I just looked closely at the wiring
diagram for the Morningstar TS-45 controller which I am about to purchase
to manage my Aerogen wind generator
, and I realised that it is not quite the "black-box" solution I had expected.
In the manual, the wiring
diagram for the wind generator
with diversion configuration (picture attached) connects the wind generator
straight to the batteries. The regulator
then appears to switch on the diversion load (resistor style heater elements in my case) as required to shed excess power. I suppose I had expected the wind generator
to be connected to the regulator
and the regulator would "divert" excess power from the wind generator as required to the resistors, depending on the calculated state of the battery
Meanwhile I have a Votronic MPPT
420 controller managing the power from the solar panels
, which I am going to assume will account for most of my power generation.
While I felt comfortable with the concept
of the two controllers talking directly to the battery
bank, and being smart enough to handle the variation in input power (let's face it, there are plenty of multi-regulator charging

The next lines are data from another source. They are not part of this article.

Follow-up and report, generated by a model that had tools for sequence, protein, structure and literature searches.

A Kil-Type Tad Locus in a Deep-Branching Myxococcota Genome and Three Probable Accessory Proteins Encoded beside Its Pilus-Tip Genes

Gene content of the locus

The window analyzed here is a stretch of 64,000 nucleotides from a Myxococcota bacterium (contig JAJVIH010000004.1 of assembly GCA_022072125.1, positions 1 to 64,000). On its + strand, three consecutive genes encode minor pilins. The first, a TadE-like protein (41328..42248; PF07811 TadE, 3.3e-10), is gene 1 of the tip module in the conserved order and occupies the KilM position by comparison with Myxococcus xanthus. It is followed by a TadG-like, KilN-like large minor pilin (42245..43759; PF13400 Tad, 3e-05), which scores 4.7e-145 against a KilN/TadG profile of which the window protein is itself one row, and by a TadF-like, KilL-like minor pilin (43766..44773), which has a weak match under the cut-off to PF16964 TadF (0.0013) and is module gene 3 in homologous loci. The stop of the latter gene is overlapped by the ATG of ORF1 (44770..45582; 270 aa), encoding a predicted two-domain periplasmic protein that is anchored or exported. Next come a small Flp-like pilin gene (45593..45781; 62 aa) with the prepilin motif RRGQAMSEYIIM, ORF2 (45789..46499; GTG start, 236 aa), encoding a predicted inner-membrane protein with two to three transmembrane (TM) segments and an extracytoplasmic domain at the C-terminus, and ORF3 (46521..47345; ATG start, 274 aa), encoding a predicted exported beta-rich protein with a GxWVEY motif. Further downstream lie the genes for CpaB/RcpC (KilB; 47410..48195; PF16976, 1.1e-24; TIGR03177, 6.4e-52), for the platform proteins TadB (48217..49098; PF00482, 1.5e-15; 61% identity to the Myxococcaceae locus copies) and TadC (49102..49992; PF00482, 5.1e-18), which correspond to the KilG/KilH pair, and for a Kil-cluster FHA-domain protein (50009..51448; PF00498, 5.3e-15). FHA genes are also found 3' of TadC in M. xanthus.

systems out there today) I am a lot less comfortable with the idea of the wind generator being connected directly to the battery bank and relying on the Morningstar to dump power as needed. Not least because I can see how the power dump might get activated by the Votronic putting solar
power into the system if the two regulators are not in total agreement about the state of charge, float vs bulk vs absorbtion etc. OK, excess power is excess power but I don't want the dump resistors pumping out heat unnecessarily and messing with the brains of the Votronic which has been doing a great job to date.
Any ideas? I'm a bit stumped by this one.